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How to Make a Chicken Wire Composter in 10 Minutes

If you are new to composting with worms, you will need a composter to house the bedding, worms and food scraps. The worms will usually stay put if you provide a secure abode for them to live in. They love dark, moist bedding and regular feedings of food scraps. After the worms have eaten scraps for a few months, you will be able to harvest the finished compost and use it on your garden, lawn, and indoor plants.

Uncle Jim made this video about building a simple composter in just 10 minutes. It uses chicken wire, poles, and a bag of Red Worms from Uncle Jim’s Worm Farm. Watch it here:

Condensed Transcript:

Hi, I’m Jim from Uncle Jim’s Worm Farm. Practically every day I get the question, ‘How do I start a compost pile?’ Your worms are going to come to you in a breathable bag. They could stay in this bag up to five days. I suggest when you receive the bag shake it (gently). They are packed in extremely dry peat moss. We found over the years that dry peat moss is the best culture to make sure the worms arrive to you alive. The worms might have lost as much as three-quarters of their body weight. They might look a little scrawny but, especially in bitter cold or extremely hot weather, the dry peat moss is what we pack them in.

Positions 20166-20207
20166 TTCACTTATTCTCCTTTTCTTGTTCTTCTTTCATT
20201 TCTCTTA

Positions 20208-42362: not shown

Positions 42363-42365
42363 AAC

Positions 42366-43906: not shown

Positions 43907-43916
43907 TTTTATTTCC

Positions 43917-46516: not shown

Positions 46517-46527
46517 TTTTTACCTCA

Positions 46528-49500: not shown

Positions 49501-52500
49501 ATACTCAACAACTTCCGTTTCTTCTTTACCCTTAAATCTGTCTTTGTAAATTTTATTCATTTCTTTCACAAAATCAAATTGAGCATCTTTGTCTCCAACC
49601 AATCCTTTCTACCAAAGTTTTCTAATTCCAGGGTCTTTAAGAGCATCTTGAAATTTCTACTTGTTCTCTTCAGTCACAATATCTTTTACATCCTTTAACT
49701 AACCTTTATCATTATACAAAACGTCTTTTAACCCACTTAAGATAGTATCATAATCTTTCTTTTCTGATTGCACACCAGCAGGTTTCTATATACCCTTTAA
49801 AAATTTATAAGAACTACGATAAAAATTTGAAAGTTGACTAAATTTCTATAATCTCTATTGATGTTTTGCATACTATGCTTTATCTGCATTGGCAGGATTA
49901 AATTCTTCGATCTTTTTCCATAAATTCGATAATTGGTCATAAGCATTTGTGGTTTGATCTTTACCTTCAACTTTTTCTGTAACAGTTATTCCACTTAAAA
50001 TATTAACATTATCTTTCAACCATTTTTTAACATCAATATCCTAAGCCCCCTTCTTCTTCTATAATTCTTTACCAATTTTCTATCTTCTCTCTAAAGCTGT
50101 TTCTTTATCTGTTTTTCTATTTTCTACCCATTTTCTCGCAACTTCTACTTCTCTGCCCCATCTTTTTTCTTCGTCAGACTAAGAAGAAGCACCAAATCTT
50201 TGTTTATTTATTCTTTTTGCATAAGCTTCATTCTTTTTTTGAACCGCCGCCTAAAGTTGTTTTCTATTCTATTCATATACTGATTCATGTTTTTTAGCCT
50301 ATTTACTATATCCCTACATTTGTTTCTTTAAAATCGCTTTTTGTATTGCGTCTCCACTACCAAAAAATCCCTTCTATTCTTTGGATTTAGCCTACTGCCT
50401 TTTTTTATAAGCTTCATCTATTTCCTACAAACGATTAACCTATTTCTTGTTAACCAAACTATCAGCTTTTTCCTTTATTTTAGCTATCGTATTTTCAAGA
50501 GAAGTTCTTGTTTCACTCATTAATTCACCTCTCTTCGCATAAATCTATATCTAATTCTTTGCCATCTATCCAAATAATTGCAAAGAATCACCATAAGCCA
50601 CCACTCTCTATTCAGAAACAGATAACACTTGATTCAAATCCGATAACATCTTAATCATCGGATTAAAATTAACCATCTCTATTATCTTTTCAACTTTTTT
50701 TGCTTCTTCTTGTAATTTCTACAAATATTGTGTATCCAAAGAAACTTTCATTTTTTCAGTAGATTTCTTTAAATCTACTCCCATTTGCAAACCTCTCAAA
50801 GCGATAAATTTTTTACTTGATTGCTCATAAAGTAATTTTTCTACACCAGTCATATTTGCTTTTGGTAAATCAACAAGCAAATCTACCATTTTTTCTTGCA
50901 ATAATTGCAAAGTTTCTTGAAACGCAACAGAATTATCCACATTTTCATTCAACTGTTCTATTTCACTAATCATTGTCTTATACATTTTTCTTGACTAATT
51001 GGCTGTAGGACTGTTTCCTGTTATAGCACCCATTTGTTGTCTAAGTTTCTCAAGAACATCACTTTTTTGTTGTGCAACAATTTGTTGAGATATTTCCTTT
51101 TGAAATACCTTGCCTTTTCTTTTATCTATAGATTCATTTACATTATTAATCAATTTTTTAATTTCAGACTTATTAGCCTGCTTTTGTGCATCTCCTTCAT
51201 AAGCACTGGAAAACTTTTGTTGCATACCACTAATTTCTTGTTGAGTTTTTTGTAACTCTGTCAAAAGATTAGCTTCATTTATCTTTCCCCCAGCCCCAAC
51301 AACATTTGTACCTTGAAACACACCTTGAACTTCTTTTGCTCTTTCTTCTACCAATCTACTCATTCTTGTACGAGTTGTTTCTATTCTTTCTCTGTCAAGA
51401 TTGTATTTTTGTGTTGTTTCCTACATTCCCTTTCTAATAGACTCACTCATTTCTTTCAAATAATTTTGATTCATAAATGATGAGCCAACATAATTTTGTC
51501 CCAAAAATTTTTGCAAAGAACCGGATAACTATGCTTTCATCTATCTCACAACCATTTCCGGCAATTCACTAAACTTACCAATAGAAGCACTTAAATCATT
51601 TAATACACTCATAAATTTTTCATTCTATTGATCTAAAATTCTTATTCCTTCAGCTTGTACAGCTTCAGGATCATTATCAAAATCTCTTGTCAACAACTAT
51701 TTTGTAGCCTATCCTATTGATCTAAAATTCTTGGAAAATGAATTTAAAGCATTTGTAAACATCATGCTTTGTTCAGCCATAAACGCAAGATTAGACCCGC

Getting back to the compost pile, I’m here to show you exactly how easy it is to compost. I’m going to start with a few inexpensive items. You could do this anywhere in the country whether you are in New York City, Chicago, Los Angeles or a farm somewhere in Illinois. It doesn’t matter how old you are or who you are. Anybody can compost. It’s expensive. It’s fun. You can come right into it. You need no education other than this video. Let’s get started.

Go to your local Lowe’s or your hardware store. This chicken wire mesh roll is 25 feet long by three feet wide. In this particular compost pile, I’ve got a few (metal) posts that I picked up on the farm. I actually got these out of our barn. They’re about three feet long. I’m only going to have to put them in the ground about four to five inches. I’ve got a little bit of strength. I’ve got a hammer. And I’m ready to go!

I take my posts, and I just bang them into the ground. It doesn’t take any extra strength all. I suggest probably find an area that’s not too rocky. For the most part, this is very easy. If you’d like to purchase these posts, I believe they’re about two dollars and fifty cents apiece at your local hardware store.
I am making a small compost pile that literally should not take more than five minutes to make. You can make this any size you’d like. A rectangle, square, circle, anything you’d like. In this particular area, I have the posts about two and a half feet apart, and it’s a square.